BC Nature History
- Over 50 years of knowing nature and keeping it worth knowing
In 2019, BC Nature celebrated 50 years of being a federation, having organized under the official title of Federation of British Columbia Naturalists in 1969. However, BC Nature’s expansive history can actually be dated as far back as 1957, when the Standing Committee of Federations was created by Dr. Clifford Carl. This was then followed to become the Council of Naturalists in 1962. They functioned on similar interests as we still do today, acting as a coalition on issues such as threatened species, land management, club affairs, summer camps and more.
In 1967, the Council of Naturalists began the move towards becoming a federation for society filings. In 1969, constitutions were accepted and registered under the name Federation of British Columbia Naturalists. There were nine founding clubs, which have grown today to over 50 member clubs! In 2005, BC Nature was adopted as an operating name, however Federation of British Columbia Naturalists still remains our legal name.
Acting as a federation creates a uniformed body that spans the province. A powerful presence when it comes to pressing issues while at the same time, builds an interesting community for naturalists. AGM’s and field camps bring people together from member clubs to share their knowledge and passion for nature.
For over 50 years, BC Nature has followed its mission “Know Nature and Keep it Worth Knowing” with two driving factors—education and conservation. BC Nature has done this through a number of different facilities over the last five decades. Education is a tool not only for members but also to the public. In conservation efforts the organization has acted as representatives for nature, raising awareness to government bodies and the public through resolutions, letters, advisory committees, conferences, meetings with government officials and in recent times even legal action.
In its combined efforts as a federation and in partnership the board, members, volunteers, and like-minded organizations, BC Nature has been able to celebrate some fantastic wins in the fight for nature, including the programs and issues listed below:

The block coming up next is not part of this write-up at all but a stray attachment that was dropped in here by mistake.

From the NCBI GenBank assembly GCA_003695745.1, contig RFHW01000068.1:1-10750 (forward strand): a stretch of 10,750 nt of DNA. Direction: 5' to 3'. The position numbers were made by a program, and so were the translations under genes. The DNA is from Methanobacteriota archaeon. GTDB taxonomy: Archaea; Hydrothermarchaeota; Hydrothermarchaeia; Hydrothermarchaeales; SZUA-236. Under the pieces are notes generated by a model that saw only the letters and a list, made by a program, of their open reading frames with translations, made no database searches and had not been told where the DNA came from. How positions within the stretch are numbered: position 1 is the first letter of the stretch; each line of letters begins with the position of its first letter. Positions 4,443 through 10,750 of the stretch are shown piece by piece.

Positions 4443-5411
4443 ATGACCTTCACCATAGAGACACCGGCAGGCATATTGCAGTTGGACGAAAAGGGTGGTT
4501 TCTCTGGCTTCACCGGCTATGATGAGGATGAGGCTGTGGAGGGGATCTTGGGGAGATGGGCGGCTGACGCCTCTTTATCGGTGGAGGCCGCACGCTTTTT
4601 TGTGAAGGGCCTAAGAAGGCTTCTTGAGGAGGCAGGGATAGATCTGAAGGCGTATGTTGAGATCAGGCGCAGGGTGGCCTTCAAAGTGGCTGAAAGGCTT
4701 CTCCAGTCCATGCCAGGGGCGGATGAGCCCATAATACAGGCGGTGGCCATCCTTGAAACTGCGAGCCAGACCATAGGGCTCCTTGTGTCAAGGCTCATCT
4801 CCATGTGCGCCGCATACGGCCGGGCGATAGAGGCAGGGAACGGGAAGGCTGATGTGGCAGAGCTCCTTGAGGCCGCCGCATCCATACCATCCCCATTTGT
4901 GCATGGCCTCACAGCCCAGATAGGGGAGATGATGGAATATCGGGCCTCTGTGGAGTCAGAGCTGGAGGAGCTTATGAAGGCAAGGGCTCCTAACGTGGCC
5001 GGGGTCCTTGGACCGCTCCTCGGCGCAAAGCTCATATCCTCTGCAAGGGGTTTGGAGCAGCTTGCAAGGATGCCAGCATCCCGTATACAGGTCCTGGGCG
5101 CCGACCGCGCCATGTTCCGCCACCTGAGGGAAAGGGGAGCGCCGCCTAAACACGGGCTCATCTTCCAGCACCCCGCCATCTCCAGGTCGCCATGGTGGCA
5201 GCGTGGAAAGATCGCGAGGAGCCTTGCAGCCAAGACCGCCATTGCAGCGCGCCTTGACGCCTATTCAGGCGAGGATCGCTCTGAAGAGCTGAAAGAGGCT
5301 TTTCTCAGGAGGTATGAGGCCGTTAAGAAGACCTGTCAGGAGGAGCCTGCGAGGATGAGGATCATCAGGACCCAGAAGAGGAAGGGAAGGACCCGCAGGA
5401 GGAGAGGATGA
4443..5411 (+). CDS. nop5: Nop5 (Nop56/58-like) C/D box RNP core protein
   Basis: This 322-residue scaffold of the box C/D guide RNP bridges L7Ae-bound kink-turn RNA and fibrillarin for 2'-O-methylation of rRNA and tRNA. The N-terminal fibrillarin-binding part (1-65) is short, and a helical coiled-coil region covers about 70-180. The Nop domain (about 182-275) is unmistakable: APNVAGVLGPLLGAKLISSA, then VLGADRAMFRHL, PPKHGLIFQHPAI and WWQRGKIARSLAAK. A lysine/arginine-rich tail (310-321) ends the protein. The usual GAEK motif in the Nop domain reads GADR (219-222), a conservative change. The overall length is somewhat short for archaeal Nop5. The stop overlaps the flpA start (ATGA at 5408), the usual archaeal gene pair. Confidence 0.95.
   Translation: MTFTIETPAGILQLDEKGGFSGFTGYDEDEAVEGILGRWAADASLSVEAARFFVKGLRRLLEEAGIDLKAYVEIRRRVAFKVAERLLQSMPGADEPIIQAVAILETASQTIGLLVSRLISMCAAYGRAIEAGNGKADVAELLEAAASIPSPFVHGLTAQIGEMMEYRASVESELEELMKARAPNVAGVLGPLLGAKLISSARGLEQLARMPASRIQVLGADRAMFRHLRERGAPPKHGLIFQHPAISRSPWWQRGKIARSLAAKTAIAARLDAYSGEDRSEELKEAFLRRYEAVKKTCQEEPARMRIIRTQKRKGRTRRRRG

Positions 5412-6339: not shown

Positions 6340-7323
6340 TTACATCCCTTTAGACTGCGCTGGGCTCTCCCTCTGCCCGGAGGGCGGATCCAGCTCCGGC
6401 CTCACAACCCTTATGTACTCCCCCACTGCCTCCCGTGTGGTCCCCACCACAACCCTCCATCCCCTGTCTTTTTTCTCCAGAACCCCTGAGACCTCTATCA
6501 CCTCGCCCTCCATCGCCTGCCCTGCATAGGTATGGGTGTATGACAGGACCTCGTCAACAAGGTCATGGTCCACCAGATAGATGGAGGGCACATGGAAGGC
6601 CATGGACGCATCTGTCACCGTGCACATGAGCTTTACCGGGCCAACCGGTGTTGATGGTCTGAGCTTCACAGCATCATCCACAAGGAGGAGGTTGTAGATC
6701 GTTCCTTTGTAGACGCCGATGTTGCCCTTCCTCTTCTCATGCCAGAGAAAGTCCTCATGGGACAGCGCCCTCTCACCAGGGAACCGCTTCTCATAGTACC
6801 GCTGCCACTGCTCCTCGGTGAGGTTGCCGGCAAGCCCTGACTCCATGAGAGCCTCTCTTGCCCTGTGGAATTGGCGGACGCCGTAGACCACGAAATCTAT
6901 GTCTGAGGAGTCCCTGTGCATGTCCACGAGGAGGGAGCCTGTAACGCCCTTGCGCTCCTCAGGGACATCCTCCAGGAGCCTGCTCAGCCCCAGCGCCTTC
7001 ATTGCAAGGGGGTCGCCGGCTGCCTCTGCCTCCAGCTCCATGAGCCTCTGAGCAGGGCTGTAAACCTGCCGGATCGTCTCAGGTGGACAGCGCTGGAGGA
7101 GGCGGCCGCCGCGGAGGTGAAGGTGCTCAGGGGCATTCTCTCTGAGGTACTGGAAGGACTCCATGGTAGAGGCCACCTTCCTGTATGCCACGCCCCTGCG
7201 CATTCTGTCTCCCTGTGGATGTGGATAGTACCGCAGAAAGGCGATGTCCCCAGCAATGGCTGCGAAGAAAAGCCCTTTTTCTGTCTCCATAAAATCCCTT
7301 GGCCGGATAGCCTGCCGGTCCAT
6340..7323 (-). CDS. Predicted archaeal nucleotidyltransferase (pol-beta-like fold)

- “Return it” campaign 1968: ahead of its time BC Nature campaigned for deposits to be required in order to help facilitate the recycling of bottles across the province.
- BC IBA 1996 to present: working with Important Bird and Biodiversity Areas, supporting volunteers across the province to act as caretakers for these ecologically important areas.
- Wildlife Tree Stewardship Initiative (WiTS) 2001-2010: whose goal was to create and connect communities of people to become aware and invested in the monitoring of trees for local wildlife.
- In 2012, BC Nature took its first step in legal action against the government when opposing the Enbridge Northern Gateway Pipeline in Prince Rupert. BC Nature is again taking a similar execution with the proposed Trans Mountain Pipeline in 2019 with pro bono work contributed by pacific center for environmental law and technology.
BC Nature celebrated its 50th Anniversary in 2019 at the FGM hosted by Burke Mountain Naturalists, plus the Fall 2019 BCnature Magazine was full of interesting historical accounts. An online history book was published:
With 2019 being the celebratory year for the federation, a book with nine chapters was published online. Its main author was Bev Ramey, who had help from a few other people with writing sections and chapters and from several additional people with editing. Their names are noted at the start of each chapter. Sheila Byers helped throughout the entire process and she authored the first chapter and conducted interviews with past presidents. Bev Ramey is a long time member of BC Nature and has served in multiple roles over the decades of her involvement, including two terms as president. The history book has nine chapters plus sixteen appendices that showcase BC Nature’s truly expansive commitments over the past five decades.
The history book includes nine chapters covering topics: Formation, People, Field Trips and Camps, Communication, Conservation, Education, Projects, NatureKids and the BC Naturalists’ Foundation.
Or download individual appendices as follows: